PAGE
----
Europe Digital Single Market.

Europe has launched its strategy for a Digital Single Market throughout its member countries. The success of this strategy relies on the ability of European lawmakers and politicians removing barriers to digital trade and creating an environment to foster the growth in digital platforms and skills necessary to support a fast growing digital economy.

It is easy for others, especially the US, to see the Digital Single Market strategy as a pretext to regulate and restrict the popularity and pervasiveness of foreign companies like Google, Amazon, Facebook and Netflix. Certainly, the European Commission will need to demonstrate that its focus is more on enabling rather than simply protecting a future industry.

However, one of the central “pillars” of the strategy is to remove barriers to international online trade. This means removing the practice of “geo-blocking” which restricts content to certain countries, or places extra costs on those accessing these services from outside those boundaries. Achieving this will require a levelling between countries of their different regimes of value added tax, laws for consumer protection and copyright, and a host of other legislative and commercial idiosyncrasies.

Setting aside the hurdles of the Digital Single Market outlined in the agenda document, the largest real challenge is in the fact that 54% of e-commerce traffic in Europe is with services based in the US whereas only 4% of traffic in one European country is for a service in another European country. Creating a Digital Single Market is all well and good but if it mainly benefits US companies it is going to be far less strategic for Europe.

In the light of the dominance of US services in Europe, the fear held by the US that Europe’s Digital Single Market will essentially try and restrict this dominance are possibly not unfounded. The simple fact is that those firms succeed because that is what European consumers want. Making it simpler for those services to operate in Europe still has advantages to the EU because it enables firms like Amazon and Apple to operate more seamlessly across all of Europe, helping to keep costs down.

To truly benefit from the efficiencies of opening up the digital markets in Europe, what actually needs to happen is to apply this strategy globally. All of the points made within the Digital Single Market strategy are valid steps to removing barriers to online trade. The limitation of the strategy is that it stops at Europe’s borders, when the Internet that underpins the online world recognises no such boundary.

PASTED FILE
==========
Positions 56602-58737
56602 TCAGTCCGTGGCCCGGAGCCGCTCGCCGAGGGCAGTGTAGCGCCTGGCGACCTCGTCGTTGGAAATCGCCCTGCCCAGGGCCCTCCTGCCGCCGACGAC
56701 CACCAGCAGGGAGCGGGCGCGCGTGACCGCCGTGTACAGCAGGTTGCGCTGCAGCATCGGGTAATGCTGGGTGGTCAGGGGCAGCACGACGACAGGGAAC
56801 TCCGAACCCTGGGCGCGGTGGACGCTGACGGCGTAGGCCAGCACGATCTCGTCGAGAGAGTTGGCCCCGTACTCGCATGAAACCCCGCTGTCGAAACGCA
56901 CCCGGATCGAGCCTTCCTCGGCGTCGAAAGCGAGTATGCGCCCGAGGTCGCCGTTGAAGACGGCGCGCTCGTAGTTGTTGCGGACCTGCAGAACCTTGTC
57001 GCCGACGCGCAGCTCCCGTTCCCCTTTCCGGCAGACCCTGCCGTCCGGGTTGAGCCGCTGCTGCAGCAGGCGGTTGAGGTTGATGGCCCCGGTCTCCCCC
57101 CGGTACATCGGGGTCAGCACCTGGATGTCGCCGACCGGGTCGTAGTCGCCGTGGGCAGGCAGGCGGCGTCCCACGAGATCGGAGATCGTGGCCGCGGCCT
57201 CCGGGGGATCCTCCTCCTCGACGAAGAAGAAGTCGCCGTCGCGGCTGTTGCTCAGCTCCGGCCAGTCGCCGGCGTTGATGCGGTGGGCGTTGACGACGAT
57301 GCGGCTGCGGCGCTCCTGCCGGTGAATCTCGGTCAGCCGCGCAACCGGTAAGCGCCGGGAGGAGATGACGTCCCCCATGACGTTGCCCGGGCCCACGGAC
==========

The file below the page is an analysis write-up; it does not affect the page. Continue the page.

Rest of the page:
For a global Digital Single Market to be successful, in addition to the goals outlined in Europe’s strategy, there would need to be agreement on tax avoidance schemes that US companies in particular are carrying out when doing business globally. Ironically, these practices operate in Europe by leveraging different transfer pricing schemes between parts of their company set up in different countries. Allowing foreign multi-nationals to dominate in a local market is one thing but it adds insult to injury that tax revenue from business carried out in one particular country could be lost to another, or not collected at all.

Of course, the main aim of the European Commission in proposing the Digital Single Market agenda is to provide a platform that is conducive to surfacing digital entrepreneurs and growing new companies based in Europe. The entire world outside of Silicon Valley wants to emulate the success of that area by creating innovation centers that foster startups and the next Google or Uber. The trouble is that despite cities around the world trying to do this, they have so-far largely failed to bring together the ingredients that exist in California. At the heart of this though, it may simply be a case of not enough money being invested in seeding startups. Startups in London, which is considered the most successful of European startup locations, still only attract 6% of the funding amounts that startups in Silicon Valley do.

In the normal tech company life-cycle, successful companies produce a large number of wealthy individuals who not only have a specific set of skills in creating tech startups but have the money to invest either in their own projects or others. The conditions for this were driven by the opportunities created by stock markets and the insatiable appetite for tech stocks. Reproducing this elsewhere, is going to take time, money, an appetite for risk and the acceptance of failure. Unfortunately, none of that is part of the European Digital Single Market strategy. Whilst the aims of their agenda may be a good start, even if successful, it is still a long way from actually seeing any benefits result from it.